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Amid a continuing debate over the role and size of urban police departments, 10 years of Oakland police data show that shootings and homicides declined in number as the city’s police force grew.
Although the size of the force and number of homicides and shootings varied from year to year, the trend is clear.
From 2011 to 2014, homicides averaged 105 per year while shootings averaged 501. Those numbers decreased to an average of 85 and 334 from 2017 to 2020 as the average size of the police force grew from 635 in the earlier 4-year period to 742 in the later 4-year period.
“Having an adequately staffed police department is part of” a wholistic approach to public safety, Oakland Mayor Libby Schaaf said on Twitter the day before the City Council was expected to vote on hiring more officers. “We must prioritize ending the trauma and loss from crime and violence.”
The statistics come as Oakland engages in an intense debate over the size and role of its police force.
“This department is really short of resources. We have to address the loss of life in this city.”Chief LeRonne Armstrong
Following the death of George Floyd in the summer of 2020, some community activists argued forcefully for a reduction in police staffing. One community group, the Anti Police-Terror Project (APTP) helped prompt the diversion of millions of dollars from a proposed police budget to the Department of Violence Prevention, which works with people likely to be perpetrators or victims of violent crime. That money had been slated for two police academies. Forthcoming academies will each start with more than 30 cadets.
But in 2020, Oakland shooting deaths began rising again, with 109 people killed by gunfire. By early December of this year, 129 people had died in shootings, including a security guard who was shot while protecting a television news crew. Two months earlier, a robbery suspect was killed in a gun battle at a gas station with former Oakland police Capt. Ersie Joyner, who was seriously injured.
Addressing severe shortages
Meanwhile, the police force has been contracting, with staffing down to 676 in early December and further shrinkage expected.
“This department is really short of resources,” Police Chief LeRonne Armstrong, a fierce advocate for more officers, said in a recent interview with Bay City News. “We have to address the loss of life in this city.”
Barry Donelan, president of the Oakland Police Officers’ Association, the union that represents officers in Oakland, said the department is so short of resources it can only triage calls.
In response to this situation, city officials are moving to hire more officers once again.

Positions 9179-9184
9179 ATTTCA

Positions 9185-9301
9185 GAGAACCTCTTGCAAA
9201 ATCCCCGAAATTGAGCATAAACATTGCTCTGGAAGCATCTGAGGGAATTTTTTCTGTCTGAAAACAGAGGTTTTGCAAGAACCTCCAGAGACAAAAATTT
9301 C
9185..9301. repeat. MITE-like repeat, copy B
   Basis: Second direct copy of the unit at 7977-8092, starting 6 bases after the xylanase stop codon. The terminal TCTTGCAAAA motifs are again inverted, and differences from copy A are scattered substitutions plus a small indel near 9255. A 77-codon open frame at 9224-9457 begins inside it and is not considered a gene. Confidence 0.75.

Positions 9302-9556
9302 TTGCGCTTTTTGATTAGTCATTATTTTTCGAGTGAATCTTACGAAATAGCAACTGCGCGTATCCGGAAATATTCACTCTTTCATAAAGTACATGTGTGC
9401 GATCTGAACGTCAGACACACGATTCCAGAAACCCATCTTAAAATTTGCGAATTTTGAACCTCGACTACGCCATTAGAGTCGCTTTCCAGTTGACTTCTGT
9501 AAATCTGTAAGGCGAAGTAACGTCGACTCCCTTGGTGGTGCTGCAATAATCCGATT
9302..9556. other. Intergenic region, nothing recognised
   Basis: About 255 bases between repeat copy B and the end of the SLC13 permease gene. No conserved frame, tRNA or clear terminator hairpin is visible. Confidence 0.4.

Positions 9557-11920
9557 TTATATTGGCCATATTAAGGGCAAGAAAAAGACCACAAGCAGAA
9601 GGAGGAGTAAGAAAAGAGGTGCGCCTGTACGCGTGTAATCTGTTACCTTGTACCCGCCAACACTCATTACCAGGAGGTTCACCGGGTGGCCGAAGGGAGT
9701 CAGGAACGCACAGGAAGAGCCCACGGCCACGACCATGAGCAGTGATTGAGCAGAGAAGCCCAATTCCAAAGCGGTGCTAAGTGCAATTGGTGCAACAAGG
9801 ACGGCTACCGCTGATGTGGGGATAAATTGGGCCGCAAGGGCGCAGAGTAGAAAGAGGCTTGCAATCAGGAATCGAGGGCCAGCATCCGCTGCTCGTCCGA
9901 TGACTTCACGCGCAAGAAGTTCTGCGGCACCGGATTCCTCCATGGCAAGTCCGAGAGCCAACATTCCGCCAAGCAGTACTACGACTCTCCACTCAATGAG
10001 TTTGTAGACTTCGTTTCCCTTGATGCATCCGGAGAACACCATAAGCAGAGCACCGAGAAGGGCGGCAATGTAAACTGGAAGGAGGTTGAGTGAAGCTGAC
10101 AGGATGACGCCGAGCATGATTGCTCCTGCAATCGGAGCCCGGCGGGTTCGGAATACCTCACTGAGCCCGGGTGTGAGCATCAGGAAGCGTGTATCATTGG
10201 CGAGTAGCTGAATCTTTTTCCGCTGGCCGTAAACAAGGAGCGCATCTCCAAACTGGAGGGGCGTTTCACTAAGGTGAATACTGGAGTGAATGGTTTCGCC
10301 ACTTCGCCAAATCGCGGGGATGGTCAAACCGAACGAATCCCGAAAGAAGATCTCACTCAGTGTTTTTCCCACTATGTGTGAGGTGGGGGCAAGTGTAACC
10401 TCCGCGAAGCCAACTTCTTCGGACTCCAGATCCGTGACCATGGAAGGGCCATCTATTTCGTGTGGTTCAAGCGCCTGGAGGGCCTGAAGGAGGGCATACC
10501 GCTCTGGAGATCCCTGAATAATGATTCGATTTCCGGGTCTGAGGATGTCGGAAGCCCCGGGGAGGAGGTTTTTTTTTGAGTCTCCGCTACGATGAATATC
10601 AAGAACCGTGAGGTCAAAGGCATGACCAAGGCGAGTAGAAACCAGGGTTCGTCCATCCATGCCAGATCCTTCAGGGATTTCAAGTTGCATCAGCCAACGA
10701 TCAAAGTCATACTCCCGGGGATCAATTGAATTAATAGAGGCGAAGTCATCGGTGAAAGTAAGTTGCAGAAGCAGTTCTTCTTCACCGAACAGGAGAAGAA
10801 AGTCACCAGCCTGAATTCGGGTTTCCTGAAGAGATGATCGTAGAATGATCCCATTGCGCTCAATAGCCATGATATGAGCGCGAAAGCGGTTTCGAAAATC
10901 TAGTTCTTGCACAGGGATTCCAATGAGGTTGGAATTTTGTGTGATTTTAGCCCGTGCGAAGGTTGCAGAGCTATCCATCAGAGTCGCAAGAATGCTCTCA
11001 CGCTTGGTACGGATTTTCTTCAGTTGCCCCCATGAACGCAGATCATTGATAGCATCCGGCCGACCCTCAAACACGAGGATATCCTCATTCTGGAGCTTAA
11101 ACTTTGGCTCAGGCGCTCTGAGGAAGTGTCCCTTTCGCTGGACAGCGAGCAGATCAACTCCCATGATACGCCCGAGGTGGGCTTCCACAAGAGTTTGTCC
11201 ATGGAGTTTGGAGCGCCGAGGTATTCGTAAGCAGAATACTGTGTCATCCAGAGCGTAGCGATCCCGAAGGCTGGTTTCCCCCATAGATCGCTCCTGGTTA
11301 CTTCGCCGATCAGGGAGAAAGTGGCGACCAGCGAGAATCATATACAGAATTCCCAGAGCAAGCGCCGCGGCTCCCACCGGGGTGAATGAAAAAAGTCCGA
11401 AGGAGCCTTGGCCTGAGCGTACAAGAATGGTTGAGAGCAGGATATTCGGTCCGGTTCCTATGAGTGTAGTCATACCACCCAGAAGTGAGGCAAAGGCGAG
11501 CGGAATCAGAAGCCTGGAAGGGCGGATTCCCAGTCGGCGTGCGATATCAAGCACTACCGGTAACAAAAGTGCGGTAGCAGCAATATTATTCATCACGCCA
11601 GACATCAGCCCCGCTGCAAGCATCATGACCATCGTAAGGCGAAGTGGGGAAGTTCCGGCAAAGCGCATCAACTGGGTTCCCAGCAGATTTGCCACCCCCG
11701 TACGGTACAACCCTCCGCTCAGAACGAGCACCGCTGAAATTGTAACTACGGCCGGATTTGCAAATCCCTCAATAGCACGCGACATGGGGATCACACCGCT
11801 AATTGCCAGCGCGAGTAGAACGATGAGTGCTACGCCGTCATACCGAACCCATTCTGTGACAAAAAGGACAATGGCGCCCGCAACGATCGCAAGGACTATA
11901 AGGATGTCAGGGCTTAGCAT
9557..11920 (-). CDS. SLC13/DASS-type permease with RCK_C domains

In September, the Oakland City Council voted to add an extra police academy, and in early December, the Council added two more — bringing the total number of academies planned for the next two years to seven. And City Council President Pro Tem Sheng Thao, a mayoral candidate, has proposed a $50,000 hiring bonus for experienced officers to come to work in Oakland.
Ultimately, Armstrong thinks a city of Oakland’s size needs 1,100 to 1,200 sworn officers. Oakland’s population is 440,000, or about one-half of San Francisco’s, and San Francisco has about 2,000 sworn officers. Through mid-September, San Francisco had fewer than half of the homicides as Oakland.
But despite the move to bolster police, the debate over its size and role is anything but finished.
Although the Police Department data suggests that a decline in shootings is related to a larger police force, experts who study these trends caution that many elements play a role in increasing or reducing crime.
Assessing the variables
Whether more officers cause a reduction in violent crime is not a simple question, according to Cory Lepage, a professor in the criminology department at California State University East Bay. Lepage said “intervening variables” influence violent crime levels. Such variables could include anything from population shifts and economic swings to police policies and unexpected events like the COVID-19 pandemic.
For the Anti Police-Terror Project, more police are still not the answer.
“Maybe the solution (to crime in Oakland) is in affordable housing, violence prevention, mental health services, and less in OPD (Oakland Police Department),” the group wrote in a Twitter post last month.
And for others, policing only works when combined with other efforts.
“Reducing violence requires lots of different approaches,” said Guillermo Cespedes, chief of Oakland’s Department of Violence Prevention and a national expert.
Oakland cannot arrest its way out of it or prevent its way out of it, Cespedes said.
“You need a balanced approach that includes both.”